Self and Imagination in Pre-Modern China Introduction to the Issue The idea of the self and its links to the imagination are fundamental to the development of Chinese thought. Unlike Western ideologies which see the separation of the mind, or soul, and the body as common sense, the Chinese point of view in the pre-modern period was more holistic. The body in itself was a microcosm, but it also was deeply and intrinsically connected to the social world, and to the cosmos beyond that. There is a difference between what is known as the macrocosm, in other words, all life, space and time, and the microcosm, which represents a human being’s own path. For these reasons, the idea of self in pre-modern China is grounded in how the connections...The end:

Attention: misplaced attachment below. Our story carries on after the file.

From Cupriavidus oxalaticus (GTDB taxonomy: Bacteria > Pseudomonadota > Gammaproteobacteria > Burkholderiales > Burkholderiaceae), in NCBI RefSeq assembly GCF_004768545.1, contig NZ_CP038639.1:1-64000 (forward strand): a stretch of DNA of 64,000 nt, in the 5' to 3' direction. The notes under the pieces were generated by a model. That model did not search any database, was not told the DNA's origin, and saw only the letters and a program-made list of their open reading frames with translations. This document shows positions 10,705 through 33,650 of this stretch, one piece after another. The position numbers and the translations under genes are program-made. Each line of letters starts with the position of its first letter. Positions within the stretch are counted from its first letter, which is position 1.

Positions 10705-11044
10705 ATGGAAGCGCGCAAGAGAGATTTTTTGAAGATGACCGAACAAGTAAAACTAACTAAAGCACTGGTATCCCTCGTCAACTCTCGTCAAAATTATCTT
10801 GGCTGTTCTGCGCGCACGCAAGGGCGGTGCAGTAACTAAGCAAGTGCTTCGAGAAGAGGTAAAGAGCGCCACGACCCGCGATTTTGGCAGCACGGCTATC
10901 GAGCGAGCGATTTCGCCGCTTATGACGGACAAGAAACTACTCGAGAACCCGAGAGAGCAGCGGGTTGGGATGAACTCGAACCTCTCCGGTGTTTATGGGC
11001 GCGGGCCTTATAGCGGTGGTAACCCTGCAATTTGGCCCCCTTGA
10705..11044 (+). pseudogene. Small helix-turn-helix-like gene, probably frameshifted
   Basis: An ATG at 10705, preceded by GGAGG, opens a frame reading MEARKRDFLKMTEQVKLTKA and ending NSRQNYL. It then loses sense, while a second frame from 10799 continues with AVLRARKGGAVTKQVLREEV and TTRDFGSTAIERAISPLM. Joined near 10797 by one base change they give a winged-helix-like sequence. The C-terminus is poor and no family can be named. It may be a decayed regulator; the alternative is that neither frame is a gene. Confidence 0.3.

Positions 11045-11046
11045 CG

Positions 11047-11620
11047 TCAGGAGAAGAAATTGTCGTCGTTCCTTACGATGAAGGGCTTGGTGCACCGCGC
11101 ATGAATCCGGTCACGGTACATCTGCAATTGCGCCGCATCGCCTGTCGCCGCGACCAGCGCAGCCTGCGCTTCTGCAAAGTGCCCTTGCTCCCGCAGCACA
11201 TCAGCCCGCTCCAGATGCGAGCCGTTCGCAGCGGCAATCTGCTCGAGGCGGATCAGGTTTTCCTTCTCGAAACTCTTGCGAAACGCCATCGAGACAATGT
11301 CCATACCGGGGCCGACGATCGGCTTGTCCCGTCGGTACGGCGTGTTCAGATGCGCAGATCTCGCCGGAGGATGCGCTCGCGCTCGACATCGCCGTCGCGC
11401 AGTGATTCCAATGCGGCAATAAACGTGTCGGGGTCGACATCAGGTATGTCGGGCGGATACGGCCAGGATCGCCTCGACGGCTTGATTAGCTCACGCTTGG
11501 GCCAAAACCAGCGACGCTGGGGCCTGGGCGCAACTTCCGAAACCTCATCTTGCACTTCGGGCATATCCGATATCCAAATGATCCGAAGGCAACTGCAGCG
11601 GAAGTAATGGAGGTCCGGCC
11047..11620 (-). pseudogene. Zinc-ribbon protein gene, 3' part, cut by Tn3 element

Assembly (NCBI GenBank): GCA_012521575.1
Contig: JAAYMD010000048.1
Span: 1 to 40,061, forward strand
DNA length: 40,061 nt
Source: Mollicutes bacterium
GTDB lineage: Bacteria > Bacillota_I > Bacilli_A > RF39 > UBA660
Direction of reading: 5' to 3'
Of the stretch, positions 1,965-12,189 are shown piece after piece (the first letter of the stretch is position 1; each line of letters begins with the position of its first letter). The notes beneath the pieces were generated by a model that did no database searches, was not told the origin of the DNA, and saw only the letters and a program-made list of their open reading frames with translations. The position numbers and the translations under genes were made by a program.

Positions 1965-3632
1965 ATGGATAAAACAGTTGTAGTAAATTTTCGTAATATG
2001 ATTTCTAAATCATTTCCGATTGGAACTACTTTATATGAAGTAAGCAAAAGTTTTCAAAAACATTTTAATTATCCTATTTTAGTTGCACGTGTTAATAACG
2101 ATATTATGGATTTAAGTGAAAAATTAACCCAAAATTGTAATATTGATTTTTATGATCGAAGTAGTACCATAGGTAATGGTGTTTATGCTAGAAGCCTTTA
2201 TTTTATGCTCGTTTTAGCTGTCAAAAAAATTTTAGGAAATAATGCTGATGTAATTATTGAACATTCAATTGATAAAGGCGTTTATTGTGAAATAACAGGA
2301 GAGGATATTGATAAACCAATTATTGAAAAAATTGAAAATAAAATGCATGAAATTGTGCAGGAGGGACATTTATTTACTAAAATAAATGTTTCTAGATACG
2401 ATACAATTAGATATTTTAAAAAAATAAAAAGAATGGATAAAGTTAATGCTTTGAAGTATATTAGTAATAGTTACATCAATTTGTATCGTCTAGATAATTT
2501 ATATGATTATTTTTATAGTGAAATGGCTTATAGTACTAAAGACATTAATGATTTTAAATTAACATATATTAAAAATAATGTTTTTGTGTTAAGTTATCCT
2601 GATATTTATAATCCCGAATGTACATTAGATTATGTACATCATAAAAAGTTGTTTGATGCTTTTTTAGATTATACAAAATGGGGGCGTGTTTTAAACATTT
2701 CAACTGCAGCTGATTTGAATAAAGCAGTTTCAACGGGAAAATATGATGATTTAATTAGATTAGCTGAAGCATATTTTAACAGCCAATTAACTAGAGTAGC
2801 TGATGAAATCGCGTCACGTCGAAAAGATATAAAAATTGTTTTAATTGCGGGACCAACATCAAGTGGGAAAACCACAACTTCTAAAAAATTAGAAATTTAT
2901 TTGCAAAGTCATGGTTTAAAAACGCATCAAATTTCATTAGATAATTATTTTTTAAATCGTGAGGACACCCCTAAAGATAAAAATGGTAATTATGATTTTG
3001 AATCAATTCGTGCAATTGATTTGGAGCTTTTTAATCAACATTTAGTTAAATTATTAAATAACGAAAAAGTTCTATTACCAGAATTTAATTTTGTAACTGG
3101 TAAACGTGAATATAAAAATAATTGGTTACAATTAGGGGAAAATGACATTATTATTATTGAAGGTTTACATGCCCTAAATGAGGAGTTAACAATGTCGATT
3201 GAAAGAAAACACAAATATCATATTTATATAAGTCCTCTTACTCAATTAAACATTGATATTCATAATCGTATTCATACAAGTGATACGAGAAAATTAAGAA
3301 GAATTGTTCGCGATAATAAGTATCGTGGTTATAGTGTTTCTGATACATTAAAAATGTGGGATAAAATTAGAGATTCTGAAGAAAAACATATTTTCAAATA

.....hical and historical in nature. Would you have preferred me to focus on one area or the other, or use both of these points of view? Bibliography Stephen Bokenkamp, trans., “The Upper Scripture of Purple Texts Inscribed by the Spirits,” Early Daoist Scriptures (Los Angeles: University of California Press, 1999): 307-372. Mark Csikszentmihalyi, trans., Readings in Han Chinese Thought (Indianapolis: Hackett, 2006), xiv-xxx, 1-22, 48-64, 65-78, 116-139, 167. Paul W. Kroll, “Body Gods and Inner Vision: The Scripture of the Yellow Court,” Religions of Asia in Practice (Princeton: Princeton University Press, 2002): 149-155. Nathan Sivin, “State, Cosmos, and Body in The Last Three Centuries B.C.,” Harvard Journal of Asiatic Studies 55 (1999): 5-37.